Though they certainly didn't tell anyone:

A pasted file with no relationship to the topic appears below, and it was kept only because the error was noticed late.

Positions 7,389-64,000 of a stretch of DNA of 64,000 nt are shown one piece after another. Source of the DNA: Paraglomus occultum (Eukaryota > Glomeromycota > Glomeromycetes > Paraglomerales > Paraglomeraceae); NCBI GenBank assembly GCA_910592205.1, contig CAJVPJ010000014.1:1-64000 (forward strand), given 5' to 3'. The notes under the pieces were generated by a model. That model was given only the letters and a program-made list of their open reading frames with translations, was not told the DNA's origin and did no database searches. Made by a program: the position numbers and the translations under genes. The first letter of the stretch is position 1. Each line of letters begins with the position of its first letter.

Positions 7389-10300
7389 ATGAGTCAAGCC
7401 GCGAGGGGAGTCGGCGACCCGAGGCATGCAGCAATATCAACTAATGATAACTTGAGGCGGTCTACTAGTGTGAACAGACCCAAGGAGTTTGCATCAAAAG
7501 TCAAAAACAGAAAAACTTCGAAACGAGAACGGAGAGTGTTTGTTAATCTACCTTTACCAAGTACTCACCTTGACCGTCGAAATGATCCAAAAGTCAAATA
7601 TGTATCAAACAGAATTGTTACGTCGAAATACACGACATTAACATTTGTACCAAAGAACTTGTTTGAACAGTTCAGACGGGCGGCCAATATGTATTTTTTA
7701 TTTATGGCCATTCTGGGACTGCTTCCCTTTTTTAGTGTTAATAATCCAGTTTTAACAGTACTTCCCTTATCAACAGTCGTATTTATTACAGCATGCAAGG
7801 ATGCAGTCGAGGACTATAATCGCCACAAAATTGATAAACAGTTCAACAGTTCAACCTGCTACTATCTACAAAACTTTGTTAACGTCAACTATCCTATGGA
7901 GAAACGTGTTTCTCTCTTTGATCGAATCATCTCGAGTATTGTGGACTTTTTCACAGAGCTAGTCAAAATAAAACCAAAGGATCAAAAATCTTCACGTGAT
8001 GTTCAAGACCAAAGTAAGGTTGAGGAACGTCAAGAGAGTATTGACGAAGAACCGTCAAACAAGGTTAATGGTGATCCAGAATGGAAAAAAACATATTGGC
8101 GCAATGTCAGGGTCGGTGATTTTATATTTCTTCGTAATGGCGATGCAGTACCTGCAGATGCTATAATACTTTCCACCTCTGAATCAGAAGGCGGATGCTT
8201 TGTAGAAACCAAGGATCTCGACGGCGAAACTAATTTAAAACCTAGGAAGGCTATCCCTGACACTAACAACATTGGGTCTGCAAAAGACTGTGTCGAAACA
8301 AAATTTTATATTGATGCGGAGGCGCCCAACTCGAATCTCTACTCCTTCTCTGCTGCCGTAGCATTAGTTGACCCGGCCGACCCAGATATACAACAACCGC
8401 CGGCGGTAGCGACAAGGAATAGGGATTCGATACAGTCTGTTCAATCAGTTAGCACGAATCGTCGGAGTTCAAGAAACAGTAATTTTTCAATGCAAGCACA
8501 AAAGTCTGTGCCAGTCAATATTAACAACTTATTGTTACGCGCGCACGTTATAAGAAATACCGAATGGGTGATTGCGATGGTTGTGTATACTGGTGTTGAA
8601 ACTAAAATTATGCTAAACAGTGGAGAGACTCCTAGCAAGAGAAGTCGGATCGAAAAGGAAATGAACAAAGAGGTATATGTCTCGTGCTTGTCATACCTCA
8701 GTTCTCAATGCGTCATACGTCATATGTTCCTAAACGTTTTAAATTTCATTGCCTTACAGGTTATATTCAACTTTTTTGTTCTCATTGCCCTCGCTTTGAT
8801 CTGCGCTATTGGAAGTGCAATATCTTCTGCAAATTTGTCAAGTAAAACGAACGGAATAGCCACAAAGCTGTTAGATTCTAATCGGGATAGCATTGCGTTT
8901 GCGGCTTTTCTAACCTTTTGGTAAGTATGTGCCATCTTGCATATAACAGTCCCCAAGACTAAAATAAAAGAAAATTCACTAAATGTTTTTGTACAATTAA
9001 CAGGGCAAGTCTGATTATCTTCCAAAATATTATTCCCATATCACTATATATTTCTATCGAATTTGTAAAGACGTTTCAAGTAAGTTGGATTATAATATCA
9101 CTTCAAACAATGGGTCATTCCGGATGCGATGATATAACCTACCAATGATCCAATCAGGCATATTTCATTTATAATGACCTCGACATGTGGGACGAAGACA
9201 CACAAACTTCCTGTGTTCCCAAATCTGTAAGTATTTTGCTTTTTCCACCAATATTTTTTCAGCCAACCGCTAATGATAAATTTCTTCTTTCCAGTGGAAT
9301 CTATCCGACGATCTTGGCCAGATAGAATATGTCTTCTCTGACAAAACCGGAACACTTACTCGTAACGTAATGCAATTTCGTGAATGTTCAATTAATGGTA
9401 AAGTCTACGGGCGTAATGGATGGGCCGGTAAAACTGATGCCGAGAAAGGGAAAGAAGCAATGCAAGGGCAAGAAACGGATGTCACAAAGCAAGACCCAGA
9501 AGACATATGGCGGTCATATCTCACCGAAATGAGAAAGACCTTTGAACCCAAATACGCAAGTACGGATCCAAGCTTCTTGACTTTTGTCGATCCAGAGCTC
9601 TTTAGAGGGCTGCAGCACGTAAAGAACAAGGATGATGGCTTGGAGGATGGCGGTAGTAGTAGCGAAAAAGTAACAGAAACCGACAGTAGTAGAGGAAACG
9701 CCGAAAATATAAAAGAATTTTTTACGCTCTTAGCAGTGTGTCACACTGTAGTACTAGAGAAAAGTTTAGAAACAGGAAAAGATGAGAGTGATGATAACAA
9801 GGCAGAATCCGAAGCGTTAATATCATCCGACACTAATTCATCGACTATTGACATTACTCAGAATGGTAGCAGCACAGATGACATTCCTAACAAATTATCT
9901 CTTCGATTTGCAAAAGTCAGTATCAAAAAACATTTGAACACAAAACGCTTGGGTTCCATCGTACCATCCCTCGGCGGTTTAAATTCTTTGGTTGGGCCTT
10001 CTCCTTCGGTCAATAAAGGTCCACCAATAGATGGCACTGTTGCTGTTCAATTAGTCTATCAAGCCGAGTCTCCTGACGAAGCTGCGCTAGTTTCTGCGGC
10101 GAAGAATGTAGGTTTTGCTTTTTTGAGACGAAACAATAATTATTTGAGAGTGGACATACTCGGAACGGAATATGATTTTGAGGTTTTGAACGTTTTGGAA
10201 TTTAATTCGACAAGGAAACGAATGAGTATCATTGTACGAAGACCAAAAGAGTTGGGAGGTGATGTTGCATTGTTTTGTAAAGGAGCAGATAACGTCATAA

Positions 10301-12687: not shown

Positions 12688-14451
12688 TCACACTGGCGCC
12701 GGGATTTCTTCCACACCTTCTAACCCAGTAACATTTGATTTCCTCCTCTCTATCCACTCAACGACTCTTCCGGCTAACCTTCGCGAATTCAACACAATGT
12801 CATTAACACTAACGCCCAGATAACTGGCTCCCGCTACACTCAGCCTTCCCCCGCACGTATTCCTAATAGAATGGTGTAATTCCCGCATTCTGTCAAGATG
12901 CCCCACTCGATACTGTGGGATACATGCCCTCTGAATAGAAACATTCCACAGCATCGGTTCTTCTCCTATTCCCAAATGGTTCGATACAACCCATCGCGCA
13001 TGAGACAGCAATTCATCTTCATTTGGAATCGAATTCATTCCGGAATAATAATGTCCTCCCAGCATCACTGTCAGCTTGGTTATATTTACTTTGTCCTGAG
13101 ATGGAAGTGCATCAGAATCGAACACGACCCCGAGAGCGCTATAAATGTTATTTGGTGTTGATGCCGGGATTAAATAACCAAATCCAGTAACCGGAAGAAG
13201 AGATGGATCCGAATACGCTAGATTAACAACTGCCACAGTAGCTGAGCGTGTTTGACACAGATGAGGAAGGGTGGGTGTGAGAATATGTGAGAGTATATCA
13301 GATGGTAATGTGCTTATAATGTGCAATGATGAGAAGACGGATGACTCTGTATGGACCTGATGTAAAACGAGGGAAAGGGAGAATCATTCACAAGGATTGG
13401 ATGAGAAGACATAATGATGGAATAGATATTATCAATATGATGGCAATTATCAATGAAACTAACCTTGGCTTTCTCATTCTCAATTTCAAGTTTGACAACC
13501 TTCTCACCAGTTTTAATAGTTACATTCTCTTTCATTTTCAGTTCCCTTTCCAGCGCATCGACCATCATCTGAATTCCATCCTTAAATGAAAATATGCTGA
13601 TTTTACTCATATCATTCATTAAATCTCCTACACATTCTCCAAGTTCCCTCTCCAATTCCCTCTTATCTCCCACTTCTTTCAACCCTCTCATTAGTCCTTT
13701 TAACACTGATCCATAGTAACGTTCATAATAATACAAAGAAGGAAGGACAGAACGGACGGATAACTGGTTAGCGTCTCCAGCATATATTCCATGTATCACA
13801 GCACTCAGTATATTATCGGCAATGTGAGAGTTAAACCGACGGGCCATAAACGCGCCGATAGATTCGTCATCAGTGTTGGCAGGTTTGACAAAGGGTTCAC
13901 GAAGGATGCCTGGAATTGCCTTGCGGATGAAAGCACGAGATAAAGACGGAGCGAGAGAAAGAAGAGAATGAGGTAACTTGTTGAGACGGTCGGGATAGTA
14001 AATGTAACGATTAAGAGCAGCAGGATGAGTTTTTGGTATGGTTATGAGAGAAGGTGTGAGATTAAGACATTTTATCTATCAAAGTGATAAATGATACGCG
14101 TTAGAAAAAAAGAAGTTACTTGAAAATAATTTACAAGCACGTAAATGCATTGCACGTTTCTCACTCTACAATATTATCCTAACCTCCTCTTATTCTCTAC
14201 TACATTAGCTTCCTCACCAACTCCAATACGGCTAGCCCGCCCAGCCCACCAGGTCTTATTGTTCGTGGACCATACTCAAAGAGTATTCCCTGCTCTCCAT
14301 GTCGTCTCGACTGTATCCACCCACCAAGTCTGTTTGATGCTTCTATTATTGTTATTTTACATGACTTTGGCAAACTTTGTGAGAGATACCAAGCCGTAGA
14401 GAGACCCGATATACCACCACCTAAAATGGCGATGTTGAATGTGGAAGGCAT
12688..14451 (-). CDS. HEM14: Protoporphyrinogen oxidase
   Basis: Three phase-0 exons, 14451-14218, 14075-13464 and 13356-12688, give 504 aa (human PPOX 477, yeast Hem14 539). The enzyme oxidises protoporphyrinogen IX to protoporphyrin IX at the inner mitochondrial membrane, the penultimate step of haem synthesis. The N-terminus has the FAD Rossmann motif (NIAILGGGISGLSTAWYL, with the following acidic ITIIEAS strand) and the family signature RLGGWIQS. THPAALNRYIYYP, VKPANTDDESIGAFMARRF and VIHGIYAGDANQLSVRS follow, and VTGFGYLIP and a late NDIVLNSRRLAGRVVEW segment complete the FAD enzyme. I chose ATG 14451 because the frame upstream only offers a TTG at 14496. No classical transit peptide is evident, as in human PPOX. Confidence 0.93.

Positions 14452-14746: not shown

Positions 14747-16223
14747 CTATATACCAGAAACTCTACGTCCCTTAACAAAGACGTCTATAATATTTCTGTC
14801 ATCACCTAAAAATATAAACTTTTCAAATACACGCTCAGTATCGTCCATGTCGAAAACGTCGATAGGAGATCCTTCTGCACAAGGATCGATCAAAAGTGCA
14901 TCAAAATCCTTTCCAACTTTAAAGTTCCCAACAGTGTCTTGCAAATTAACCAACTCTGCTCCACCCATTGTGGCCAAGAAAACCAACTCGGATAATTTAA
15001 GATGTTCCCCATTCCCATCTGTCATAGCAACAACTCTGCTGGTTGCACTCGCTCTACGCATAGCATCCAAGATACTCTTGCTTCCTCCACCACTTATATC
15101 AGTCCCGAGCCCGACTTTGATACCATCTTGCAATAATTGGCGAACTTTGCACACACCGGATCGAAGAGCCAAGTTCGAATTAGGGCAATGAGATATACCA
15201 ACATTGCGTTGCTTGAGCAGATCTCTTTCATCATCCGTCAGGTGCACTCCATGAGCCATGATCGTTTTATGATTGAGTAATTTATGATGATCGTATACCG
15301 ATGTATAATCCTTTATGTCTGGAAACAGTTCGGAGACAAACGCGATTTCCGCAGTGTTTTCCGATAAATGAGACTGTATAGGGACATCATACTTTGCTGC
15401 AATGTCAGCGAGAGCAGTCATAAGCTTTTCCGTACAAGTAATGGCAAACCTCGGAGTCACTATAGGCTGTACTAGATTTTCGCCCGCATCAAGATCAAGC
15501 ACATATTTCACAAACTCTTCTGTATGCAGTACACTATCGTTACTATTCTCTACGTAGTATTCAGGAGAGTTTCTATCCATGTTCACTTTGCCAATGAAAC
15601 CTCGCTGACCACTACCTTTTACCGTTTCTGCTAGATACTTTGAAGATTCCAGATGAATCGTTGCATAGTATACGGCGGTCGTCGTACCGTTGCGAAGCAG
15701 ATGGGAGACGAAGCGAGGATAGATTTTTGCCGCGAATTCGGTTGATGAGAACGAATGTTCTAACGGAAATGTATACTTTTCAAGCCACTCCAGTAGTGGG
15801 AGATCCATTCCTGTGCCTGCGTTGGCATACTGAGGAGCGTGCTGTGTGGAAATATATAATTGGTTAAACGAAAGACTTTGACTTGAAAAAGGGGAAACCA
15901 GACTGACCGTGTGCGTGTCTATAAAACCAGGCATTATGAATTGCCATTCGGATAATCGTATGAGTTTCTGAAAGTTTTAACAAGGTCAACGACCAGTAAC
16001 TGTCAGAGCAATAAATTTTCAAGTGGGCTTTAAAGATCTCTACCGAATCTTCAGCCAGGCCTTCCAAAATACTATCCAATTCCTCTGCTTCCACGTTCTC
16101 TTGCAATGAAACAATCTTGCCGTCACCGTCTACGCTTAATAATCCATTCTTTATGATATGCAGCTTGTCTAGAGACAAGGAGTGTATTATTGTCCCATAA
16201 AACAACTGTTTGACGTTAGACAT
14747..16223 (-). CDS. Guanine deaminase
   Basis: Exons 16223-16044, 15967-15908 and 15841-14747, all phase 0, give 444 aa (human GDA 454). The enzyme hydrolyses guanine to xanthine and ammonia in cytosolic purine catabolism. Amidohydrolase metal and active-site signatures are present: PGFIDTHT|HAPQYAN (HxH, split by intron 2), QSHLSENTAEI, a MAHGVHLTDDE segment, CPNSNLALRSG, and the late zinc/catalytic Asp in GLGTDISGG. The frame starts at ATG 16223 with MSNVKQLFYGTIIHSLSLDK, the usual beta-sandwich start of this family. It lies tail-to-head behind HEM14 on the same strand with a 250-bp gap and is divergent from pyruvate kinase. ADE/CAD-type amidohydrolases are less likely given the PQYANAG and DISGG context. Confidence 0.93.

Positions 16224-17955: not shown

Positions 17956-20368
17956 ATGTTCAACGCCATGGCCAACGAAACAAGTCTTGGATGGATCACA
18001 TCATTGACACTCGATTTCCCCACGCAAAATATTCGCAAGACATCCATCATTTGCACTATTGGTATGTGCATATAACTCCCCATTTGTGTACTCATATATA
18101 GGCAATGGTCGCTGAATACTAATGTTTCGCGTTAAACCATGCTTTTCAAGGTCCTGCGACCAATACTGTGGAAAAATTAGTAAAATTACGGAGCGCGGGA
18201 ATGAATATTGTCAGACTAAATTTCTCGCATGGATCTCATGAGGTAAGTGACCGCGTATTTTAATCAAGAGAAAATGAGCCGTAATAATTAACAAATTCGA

In February 1861, just weeks after Louisiana seceded from the Union, Randall Lee Gibson enlisted as a private in a state army regiment. The son of a wealthy sugar planter and valedictorian of Yale's Class of 1853, Gibson had long supported secession. Conflict was inevitable, he believed, not because of states' rights or the propriety or necessity of slavery. Rather, a war would be fought over the inexorable gulf between whites and blacks, or what he called "the most enlightened race" and "the most degraded of all the races of men." Because Northern abolitionists were forcing the South to recognize "the political, civil, and social equality of all the races of men," Gibson wrote, the South was compelled to enjoy "independence out of the Union..."Gibson's siblings proudly traced their ancestry to a prosperous farmer in the South Carolina backcountry named Gideon Gibson. What they didn't know was that when he first arrived in the colony in the 1730s, he was a free man of color. At the time the legislature thought he had come there to plot a slave revolt. The governor demanded a personal audience with him and learned that he was a skilled tradesman, had a white wife and had owned land and slaves in Virginia and North Carolina. Declaring the Gibsons to be "not Negroes nor Slaves but Free people," the governor granted them hundreds of acres of land. The Gibsons soon married into their Welsh and Scots-Irish community along the frontier separating South Carolina's coastal plantations from Indian country. It did not matter if the Gibsons were black or white -- they were planters.The Gibsons were hardly alone in their journey from black to white. Hundreds of families of color had gained their freedom in the colonial era because they had English mothers, and within a generation or two, they could claim to be white. Their claims were supported by law, which never drew the color line at "one drop" of African ancestry in the antebellum era. Most Southern states followed a one-quarter or one-eighth rule: anyone with a black grandparent or great-grandparent was legally black, and those with more remote ancestry were legally white. Antebellum South Carolina, though, never had a legal definition of race. "It may be well and proper," a state judge and leading defender of slavery wrote in 1835, "that a man of worth, honesty, industry and respectability, should have the rank of a white man, while a vagabond of the same degree of blood should be confined to the inferior caste." Preserving the institution of slavery mattered far more than preserving the purity of white "blood." As long as people who claimed to be white were productive members of society -- in effect, supporting the prevailing order -- it made little sense to mandate a stricter measure of race.